We may ask, what had Formosus done to deserve such a cruel fate, what wicked deed had he committed, to be treated in a way that ridiculed all Christian values? In order to understand the reasons behind this deed, we must get to know the situation in Rome at the end of the IX century. The popes residing in the city, had already for some time been confronted with the struggles of the conflicted families and factions, happening in Italy. As was always the case, these were battles over power, lands, the crown of the king of Italy and the imperial purple. Without an army of their own, besieged by attacks from internal and external foes, the popes sought out support and military aid, while they displayed kindness to those who at a given moment seemed to be more useful to them. On the other hand those considered useless – without any regard for the papal authority immediately became the pope’s bitter enemies. The pope also had to contend with intrigues at his own court, as well as with the insubordination of the clergy surrounding him. The pontificates of each individual pope lasted quite short – the fewer protectors a successor of St. Peter had among the Roman aristocracy, the shorter his pontificate lasted (sometimes fewer than one hundered days). However, let us start at the beginning. At the end of the IX century Italy experienced a fearsome struggle over power and domination between the Margrave Berengar I of Friuli and Guy II of Spoleto. Ultimately it was the latter who triumphed, since it was he – a simple duke from a rather pedestrian territory – whom Pope Stephen V had crowned as king of Italy and placed the imperial crown upon his head. Berengar, as we can imagine, was not willing to accept this state of things, but fortunately the pope died in the very same year. His successor was the seventy-five-year-old Formosus. Initially, he confirmed both coronations of Guy, at the same time crowning his son Lambert as co-ruler and heir to all titles (in the event of the death of his father). However, the pope did not support the rulers of Spoleto, while his sympathies were rather directed towards  Berengar, but in fact a stalemate had been reached. Any kind of change would have probably resulted in resuming the fighting. When in 894 Guy died, the armies of the teenage Lambert and his mother Ageltrude entered Rome, while they themselves went to Formosus, who confirmed the tiles of the young king and emperor. However, as soon as the Spoletini had left the city, the pope had an idea, which to him seemed – perhaps – an excellent tactical maneuver, but – as it turned out, bore horrible consequences. Remembering the coronation of Charlemagne as emperor in the year 800 and the responsibilities of the Carolingians to defend the papacy, the bishop of Rome turned to the king of the Eastern Franks, Arnulf of Carinthia (the great-grandson of Charlemagne) to ask for help in defeating the “evil Christians”. Arnulf, lured with the perspective of an imperial crown, entered Rome in the year 896, occupied the properties of Lambert, freed the pope who had been in hiding, and allowed himself to be crowned as emperor. Of course, the pope had already previously dethroned Lambert. However, Formosus’s act was unacceptable not only to his enemies. The proud Romans were not pleased with this “support” of the pope, they did not like a stranger walking around in the city with his armies. In addition the newly crowned emperor Arnulf was unable to deal with the enemies of the pope, since he became paralyzed and returned to Germany (he died in the year 899).  In this way Formosus was suddenly left alone, without any protectors and guardians, but luckily for him he died in the very same year. His successor Boniface VI died under mysterious circumstances two weeks after his enthronement and then Pope Stephen VI appeared, a supporter of the Spoletini. Their armies once again entered the city. They were led by the dethroned emperor Lambert (now seventeen years old) and his mother Ageltrude. We can only imagine, how in the chambers of the Lateran Palace, after an exquisite dinner, with wineglasses in hand, they thought of a way to bring back the old order and put an end to this rather difficult predicament in which all three had found themselves. Lambert was a dethroned emperor, Ageltrude the mother of the ex-emperor, while Arnulf the legal emperor anointed by the head of the Church, was paralyzed in the far North. In addition the selection of Stephen as pope, just as previously the election of Formosus could arise some legal doubts. Apparently all three could think of nothing better than doing something preposterous, but quite logical from the legal point of view. In times when violence was the obvious way of solving a problem, their plan probably seemed to them neither macabre nor morally reprehensible.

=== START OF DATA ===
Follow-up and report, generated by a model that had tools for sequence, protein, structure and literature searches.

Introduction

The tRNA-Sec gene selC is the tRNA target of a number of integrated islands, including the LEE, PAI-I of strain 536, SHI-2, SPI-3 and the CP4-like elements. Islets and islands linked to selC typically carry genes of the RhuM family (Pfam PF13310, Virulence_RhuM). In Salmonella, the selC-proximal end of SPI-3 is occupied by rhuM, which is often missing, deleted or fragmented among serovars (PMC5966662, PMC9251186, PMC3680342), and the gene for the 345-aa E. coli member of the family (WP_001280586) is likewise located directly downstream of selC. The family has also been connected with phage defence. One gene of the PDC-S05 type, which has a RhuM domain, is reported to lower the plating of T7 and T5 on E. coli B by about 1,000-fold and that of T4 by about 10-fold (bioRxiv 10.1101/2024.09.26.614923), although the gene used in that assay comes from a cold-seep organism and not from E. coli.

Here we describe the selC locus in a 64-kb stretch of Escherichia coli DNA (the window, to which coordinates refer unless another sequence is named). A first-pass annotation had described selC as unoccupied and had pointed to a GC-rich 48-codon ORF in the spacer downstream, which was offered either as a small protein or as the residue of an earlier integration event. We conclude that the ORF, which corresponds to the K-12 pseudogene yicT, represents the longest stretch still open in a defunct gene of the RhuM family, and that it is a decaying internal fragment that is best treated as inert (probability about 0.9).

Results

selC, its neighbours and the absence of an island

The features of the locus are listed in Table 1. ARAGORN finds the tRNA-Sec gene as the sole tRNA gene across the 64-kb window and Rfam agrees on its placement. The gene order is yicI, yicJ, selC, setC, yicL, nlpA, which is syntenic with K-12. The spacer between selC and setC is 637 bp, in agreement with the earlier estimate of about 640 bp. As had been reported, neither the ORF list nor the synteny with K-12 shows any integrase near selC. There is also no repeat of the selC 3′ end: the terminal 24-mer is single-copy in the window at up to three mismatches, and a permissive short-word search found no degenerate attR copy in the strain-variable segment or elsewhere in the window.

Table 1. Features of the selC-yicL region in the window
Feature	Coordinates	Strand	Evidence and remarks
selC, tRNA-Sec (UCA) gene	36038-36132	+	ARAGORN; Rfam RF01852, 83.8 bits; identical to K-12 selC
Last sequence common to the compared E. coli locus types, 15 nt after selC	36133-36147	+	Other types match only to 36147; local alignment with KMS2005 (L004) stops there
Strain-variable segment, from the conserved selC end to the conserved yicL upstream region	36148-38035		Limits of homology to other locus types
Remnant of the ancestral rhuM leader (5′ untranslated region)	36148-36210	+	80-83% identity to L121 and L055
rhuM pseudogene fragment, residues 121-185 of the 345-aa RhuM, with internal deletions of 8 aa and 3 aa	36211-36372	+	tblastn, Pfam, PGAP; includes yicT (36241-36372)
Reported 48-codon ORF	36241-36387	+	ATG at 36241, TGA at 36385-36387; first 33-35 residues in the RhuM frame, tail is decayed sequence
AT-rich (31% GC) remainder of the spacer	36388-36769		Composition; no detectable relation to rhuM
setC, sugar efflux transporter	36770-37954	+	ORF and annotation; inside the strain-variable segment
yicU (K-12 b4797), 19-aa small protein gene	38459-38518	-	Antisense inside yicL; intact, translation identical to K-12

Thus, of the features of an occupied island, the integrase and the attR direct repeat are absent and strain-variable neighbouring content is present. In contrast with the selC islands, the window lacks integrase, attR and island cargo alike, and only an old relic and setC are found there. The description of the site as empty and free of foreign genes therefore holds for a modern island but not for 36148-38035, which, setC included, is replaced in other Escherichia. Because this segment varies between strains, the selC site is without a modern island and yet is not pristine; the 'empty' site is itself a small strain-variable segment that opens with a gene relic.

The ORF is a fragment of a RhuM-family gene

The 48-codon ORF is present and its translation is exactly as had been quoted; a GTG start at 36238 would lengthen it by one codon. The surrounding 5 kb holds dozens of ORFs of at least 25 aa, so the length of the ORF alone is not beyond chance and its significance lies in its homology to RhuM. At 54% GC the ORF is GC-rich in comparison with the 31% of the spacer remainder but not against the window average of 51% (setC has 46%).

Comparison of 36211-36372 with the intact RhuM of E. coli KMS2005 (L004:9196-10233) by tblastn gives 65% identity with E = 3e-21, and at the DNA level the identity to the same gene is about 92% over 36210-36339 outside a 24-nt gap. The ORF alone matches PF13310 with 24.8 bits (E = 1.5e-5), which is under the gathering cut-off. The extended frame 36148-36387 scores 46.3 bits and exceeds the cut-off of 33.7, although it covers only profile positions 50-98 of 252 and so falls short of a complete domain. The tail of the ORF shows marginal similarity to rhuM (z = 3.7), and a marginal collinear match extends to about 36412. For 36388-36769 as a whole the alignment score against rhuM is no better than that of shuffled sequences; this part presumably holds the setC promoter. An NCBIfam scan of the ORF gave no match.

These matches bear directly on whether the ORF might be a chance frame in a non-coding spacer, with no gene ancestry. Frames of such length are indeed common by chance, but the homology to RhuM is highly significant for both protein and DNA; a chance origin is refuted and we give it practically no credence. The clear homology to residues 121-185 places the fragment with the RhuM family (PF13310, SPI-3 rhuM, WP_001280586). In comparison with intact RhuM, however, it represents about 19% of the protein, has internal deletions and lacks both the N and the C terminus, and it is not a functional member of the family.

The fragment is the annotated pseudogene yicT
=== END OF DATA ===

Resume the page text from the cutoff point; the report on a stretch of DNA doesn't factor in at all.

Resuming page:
During the trial described above, the prosecutor, meaning Pope Stephen VI himself, accused his predecessor of usurping his post and breaking the bishop’s oath. According to tradition, but also according to cannon law, receiving a bishop’s ring was a symbol of an unbreakable bond of the bishop with his bishopric. Therefore, it could not be changed at one’s whim, and if it did happen, it was only in exceptional cases. Therefore, Formosus as the bishop of Porto could not have become the bishop of Rome. Finding him guilty and annulling all his decrees and appointments, both the coronation of Arnulf of Carinthia as emperor and the ordination of Stephen as the bishop of Anagni were deemed invalid. This was done since Stephen himself was also a usurper according to the law. If that was not enough Stephen VI ordered all clergy who were ordained by Formosus to submit a written statement, in which they recognized their ordination as invalid. It should therefore, come as no surprise that the amount of the enemies the new pope made grew daily, while Rome was divided between his supporters and the sympathizers of the former Pope Formosus, who was more and more often seen as a martyr. When in the very same summer, due to an earthquake the dome of the Lateran Basilica  - the most important at that time papal church – collapsed, the Roman populace saw it as a sign of God. An anti-pope rebellion broke out, which ended with Stephen VI being imprisoned and then strangled. This act however, did not silence the conflicts and intrigues at the papal court. When St. Peter’s throne was once again occupied by a supporter of the anti-Formosus faction, Sergius III (904), he ordered Formosus’s corpse to be once again taken out of its tomb, accused it once again and as before it was thrown into the Tiber.

Both – Stephen VI, and Sergius III afterwards – in the name of the law sentenced their adversary. Here, we can see a glimpse of an ancient Roman tradition, in the same way as the memory of inconvenient emperors was erased – damnatio memoriae. However, the Romans (pagans) practiced this tradition in the symbolic dimension (destruction of statues, removal of names) and that was sufficient, while the popes between the IX and X centuries were only satisfied after the body of their rival was posthumously desecrated.

How then can we come to an understanding of this difficult to fathom and going against all Christian values vendetta? Cases of annulling the decision of one pope by another were by no means rare, as were cases of ascension to St. Peter’s throne by a bishop of another diocese. The emperor could be dethroned without annulling a decree which appointed him. So where did this limitless hatred come from? We will probably never find out, since it is hidden in the difficult to recognize and understand places of the human soul.